Identify the emotion that is connected with the shirt, what changes for them, what’s alive for them.

Most importantly look around. Have you changed? Are there any major issues going on in their life that the stupid shirt allows them to escape?

What ever the case – beyond a security blanket I have often found that children who have a high need for the shirt have other things going on for them.

Study your child and begin to connect with him. Douse him with your love and compassion. Give him the experience of connecting with the person with the same level of intensity as he has with the shirt. Don’t take the shirt away just give them other opportunities to feel the way the shirt makes them feel: safe, comfortable, familiar.

Queenie Lindsey is an academic coach and educational consultant. She is the founder of Tandem Teaching and Distinguished Learning Group, an academic coaching firm. Follow her on Twitter.

{ 10 comments }

Megan March 25, 2010 at 5:06 pm

My “Stupid Shirt” is more like a stupid pint of Cherry Garcia ice cream. Tend to seek comfort there 🙂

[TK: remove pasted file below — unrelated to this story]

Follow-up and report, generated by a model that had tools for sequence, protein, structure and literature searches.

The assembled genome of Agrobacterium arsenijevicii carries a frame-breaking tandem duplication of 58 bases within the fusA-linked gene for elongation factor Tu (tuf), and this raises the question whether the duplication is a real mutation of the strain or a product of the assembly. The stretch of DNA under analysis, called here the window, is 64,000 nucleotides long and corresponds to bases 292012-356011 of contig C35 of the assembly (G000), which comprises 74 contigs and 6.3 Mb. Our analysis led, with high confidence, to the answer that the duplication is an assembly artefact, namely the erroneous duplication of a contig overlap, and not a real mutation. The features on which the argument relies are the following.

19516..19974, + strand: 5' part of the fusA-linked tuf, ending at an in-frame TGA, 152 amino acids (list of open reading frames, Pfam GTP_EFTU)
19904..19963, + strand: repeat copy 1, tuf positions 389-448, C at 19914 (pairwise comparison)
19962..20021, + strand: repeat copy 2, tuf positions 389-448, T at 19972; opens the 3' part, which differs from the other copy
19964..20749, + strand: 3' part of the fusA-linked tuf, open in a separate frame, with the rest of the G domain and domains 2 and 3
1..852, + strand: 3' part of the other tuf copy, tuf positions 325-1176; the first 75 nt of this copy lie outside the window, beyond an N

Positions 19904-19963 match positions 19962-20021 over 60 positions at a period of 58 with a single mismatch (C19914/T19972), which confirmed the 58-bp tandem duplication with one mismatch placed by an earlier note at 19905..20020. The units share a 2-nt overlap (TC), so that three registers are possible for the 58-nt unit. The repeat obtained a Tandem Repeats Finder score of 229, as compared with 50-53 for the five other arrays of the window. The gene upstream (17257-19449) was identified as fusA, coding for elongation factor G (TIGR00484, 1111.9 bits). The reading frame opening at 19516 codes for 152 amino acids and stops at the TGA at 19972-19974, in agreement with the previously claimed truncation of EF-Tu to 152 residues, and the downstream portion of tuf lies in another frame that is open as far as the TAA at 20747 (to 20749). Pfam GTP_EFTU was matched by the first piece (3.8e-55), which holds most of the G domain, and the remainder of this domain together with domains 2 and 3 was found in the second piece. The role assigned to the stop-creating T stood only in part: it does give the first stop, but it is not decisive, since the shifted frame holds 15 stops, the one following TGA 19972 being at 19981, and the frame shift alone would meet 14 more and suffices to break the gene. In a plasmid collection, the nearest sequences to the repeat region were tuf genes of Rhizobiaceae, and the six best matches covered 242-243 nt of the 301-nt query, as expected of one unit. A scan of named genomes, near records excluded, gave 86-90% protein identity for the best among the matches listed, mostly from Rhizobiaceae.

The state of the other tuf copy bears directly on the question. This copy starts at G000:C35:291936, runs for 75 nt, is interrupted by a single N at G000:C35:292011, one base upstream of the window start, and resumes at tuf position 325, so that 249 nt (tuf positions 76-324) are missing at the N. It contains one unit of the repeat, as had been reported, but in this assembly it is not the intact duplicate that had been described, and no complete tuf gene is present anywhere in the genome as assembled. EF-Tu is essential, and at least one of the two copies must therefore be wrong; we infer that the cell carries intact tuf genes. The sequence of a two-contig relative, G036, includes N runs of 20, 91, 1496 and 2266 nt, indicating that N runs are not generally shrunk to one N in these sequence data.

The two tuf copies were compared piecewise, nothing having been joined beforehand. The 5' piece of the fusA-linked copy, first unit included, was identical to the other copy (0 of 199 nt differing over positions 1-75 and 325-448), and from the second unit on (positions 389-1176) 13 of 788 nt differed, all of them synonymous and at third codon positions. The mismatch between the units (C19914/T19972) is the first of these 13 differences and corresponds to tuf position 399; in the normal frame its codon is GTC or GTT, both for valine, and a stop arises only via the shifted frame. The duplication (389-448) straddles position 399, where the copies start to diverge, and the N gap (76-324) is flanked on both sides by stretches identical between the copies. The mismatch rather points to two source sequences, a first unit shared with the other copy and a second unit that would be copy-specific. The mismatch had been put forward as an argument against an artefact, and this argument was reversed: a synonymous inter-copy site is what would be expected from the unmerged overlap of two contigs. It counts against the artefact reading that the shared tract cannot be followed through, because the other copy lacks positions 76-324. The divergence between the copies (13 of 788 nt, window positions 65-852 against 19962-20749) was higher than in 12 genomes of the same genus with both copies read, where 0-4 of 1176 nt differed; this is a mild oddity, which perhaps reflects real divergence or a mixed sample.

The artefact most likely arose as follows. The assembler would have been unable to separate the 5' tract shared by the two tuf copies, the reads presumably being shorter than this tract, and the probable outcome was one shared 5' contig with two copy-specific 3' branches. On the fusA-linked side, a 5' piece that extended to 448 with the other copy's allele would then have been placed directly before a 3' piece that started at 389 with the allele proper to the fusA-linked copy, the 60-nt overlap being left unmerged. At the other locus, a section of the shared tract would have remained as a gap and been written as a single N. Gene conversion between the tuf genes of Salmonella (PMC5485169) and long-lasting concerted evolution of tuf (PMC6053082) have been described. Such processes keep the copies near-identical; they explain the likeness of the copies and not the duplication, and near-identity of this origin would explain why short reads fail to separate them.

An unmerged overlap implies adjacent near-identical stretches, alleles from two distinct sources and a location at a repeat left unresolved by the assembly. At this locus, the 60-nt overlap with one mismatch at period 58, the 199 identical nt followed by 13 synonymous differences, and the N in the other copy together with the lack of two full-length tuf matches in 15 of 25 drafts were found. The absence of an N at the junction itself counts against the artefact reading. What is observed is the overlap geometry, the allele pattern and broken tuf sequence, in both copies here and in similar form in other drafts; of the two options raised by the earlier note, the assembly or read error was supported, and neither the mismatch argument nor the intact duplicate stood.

.-= Megan´s last blog ..The Key to Your Child’s Emotional Needs is in “The Stupid Shirt” =-.

Queenie March 25, 2010 at 6:25 pm

My “Stupid Shirt” was a purse, that I never went anywhere without. Today its more like a bag of Mike and Ike’s
.-= Queenie´s last blog ..Simple Stories to Chapter Books – Four Series Your Kids Will Love =-.

Joan March 25, 2010 at 7:24 pm

You know, it’s always made me really sad that my child doesn’t have a “stupid shirt”; no binky, no blankie, no favorite stuffed animal, nothin’. I wonder, sometimes if she has attachment issues. I mean this was the kid who had ZERO separation anxiety, who walked into pre-school at the ripe old age of 2 and never waved goodbye. I’m serious. She never waved goodbye!